Applicant organizations must complete and maintain the following registrations as described in the SF 424 (R&R) Application Guide to be eligible to apply for or receive an award. All registrations must be completed prior to the application being submitted. Registration can take 6 weeks or more, so applicants should begin the registration process as soon as possible. The NIH Policy on Late Submission of Grant Applications states that failure to complete registrations in advance of a due date is not a valid reason for a late submission.

  • Dun and Bradstreet Universal Numbering System (DUNS) - All registrations require that applicants be issued a DUNS number. After obtaining a DUNS number, applicants can begin both SAM and eRA Commons registrations. The same DUNS number must be used for all registrations, as well as on the grant application.
  • System for Award Management (SAM) (formerly CCR) – Applicants must complete and maintain an active registration, which requires renewal at least annually. The renewal process may require as much time as the initial registration. SAM registration includes the assignment of a Commercial and Government Entity (CAGE) Code for domestic organizations which have not already been assigned a CAGE Code.
  • eRA Commons - Applicants must have an active DUNS number and SAM registration in order to complete the eRA Commons registration. Organizations can register with the eRA Commons as they are working through their SAM or Grants.gov registration. eRA Commons requires organizations to identify at least one Signing Official (SO) and at least one Program Director/Principal Investigator (PD/PI) account in order to submit an application.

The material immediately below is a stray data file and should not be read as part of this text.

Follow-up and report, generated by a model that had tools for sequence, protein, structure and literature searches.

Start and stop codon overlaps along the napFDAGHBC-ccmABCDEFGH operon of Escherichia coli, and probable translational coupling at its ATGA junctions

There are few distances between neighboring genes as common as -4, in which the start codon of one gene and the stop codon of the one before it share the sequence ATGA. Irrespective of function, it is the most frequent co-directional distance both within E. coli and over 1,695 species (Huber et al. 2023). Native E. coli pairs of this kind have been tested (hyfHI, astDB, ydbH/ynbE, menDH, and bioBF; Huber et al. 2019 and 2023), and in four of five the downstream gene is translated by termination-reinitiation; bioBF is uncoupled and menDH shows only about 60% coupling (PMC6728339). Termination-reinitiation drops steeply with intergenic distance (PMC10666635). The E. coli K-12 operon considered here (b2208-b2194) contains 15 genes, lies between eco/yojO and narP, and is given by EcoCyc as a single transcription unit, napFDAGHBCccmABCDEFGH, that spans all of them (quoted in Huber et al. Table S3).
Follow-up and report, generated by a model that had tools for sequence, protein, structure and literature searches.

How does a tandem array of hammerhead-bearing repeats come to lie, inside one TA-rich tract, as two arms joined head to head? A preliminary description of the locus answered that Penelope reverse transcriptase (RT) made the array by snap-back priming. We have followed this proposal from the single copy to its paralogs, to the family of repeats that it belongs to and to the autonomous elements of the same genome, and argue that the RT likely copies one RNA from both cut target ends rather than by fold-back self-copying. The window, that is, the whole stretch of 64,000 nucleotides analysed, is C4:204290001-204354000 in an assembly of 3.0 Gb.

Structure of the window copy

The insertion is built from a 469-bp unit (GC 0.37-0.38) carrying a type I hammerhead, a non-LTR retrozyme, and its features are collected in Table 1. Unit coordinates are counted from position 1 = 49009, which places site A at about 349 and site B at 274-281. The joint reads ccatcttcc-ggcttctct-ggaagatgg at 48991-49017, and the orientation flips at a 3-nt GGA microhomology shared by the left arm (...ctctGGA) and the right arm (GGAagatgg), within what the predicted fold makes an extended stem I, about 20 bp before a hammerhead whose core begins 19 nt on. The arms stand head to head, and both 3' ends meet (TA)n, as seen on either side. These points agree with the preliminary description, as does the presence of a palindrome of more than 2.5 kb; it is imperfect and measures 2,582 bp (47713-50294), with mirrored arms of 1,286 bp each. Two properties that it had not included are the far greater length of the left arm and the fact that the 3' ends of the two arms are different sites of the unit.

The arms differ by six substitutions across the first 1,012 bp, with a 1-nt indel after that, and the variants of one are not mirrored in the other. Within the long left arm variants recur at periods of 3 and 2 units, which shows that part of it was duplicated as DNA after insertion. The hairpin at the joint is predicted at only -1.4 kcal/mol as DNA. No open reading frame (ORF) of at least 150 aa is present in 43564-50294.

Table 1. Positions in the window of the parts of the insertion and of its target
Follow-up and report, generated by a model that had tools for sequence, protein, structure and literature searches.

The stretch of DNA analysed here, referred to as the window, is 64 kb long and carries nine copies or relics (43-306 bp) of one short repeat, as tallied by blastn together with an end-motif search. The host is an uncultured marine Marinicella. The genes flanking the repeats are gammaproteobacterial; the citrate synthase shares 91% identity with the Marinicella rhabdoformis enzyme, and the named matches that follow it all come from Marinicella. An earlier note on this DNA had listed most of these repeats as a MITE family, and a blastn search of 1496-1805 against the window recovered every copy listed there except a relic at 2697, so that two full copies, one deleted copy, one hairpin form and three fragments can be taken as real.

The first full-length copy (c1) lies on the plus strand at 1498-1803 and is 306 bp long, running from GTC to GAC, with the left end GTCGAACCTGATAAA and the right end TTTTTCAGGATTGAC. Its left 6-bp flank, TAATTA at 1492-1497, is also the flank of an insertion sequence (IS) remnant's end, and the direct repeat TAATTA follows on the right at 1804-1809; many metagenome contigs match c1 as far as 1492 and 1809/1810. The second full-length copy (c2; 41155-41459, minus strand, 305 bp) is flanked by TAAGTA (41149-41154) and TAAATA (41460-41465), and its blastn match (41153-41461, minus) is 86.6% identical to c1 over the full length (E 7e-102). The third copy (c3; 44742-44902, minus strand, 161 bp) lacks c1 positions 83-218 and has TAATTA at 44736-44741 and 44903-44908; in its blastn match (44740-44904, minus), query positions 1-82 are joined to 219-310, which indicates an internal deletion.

• Grants.gov – Applicants must have an active DUNS number and SAM registration in order to complete the Grants.gov registration.

Program Directors/Principal Investigators (PD(s)/PI(s))

All PD(s)/PI(s) must have an eRA Commons account.  PD(s)/PI(s) should work with their organizational officials to either create a new account or to affiliate their existing account with the applicant organization in eRA Commons. If the PD/PI is also the organizational Signing Official, they must have two distinct eRA Commons accounts, one for each role. Obtaining an eRA Commons account can take up to 2 weeks.

Eligible Individuals (Program Director/Principal Investigator)
Any individual(s) with the skills, knowledge, and resources necessary to carry out the proposed research as the Program Director(s)/Principal Investigator(s) (PD(s)/PI(s)) is invited to work with his/her organization to develop an application for support. Individuals from underrepresented racial and ethnic groups as well as individuals with disabilities are always encouraged to apply for NIH support.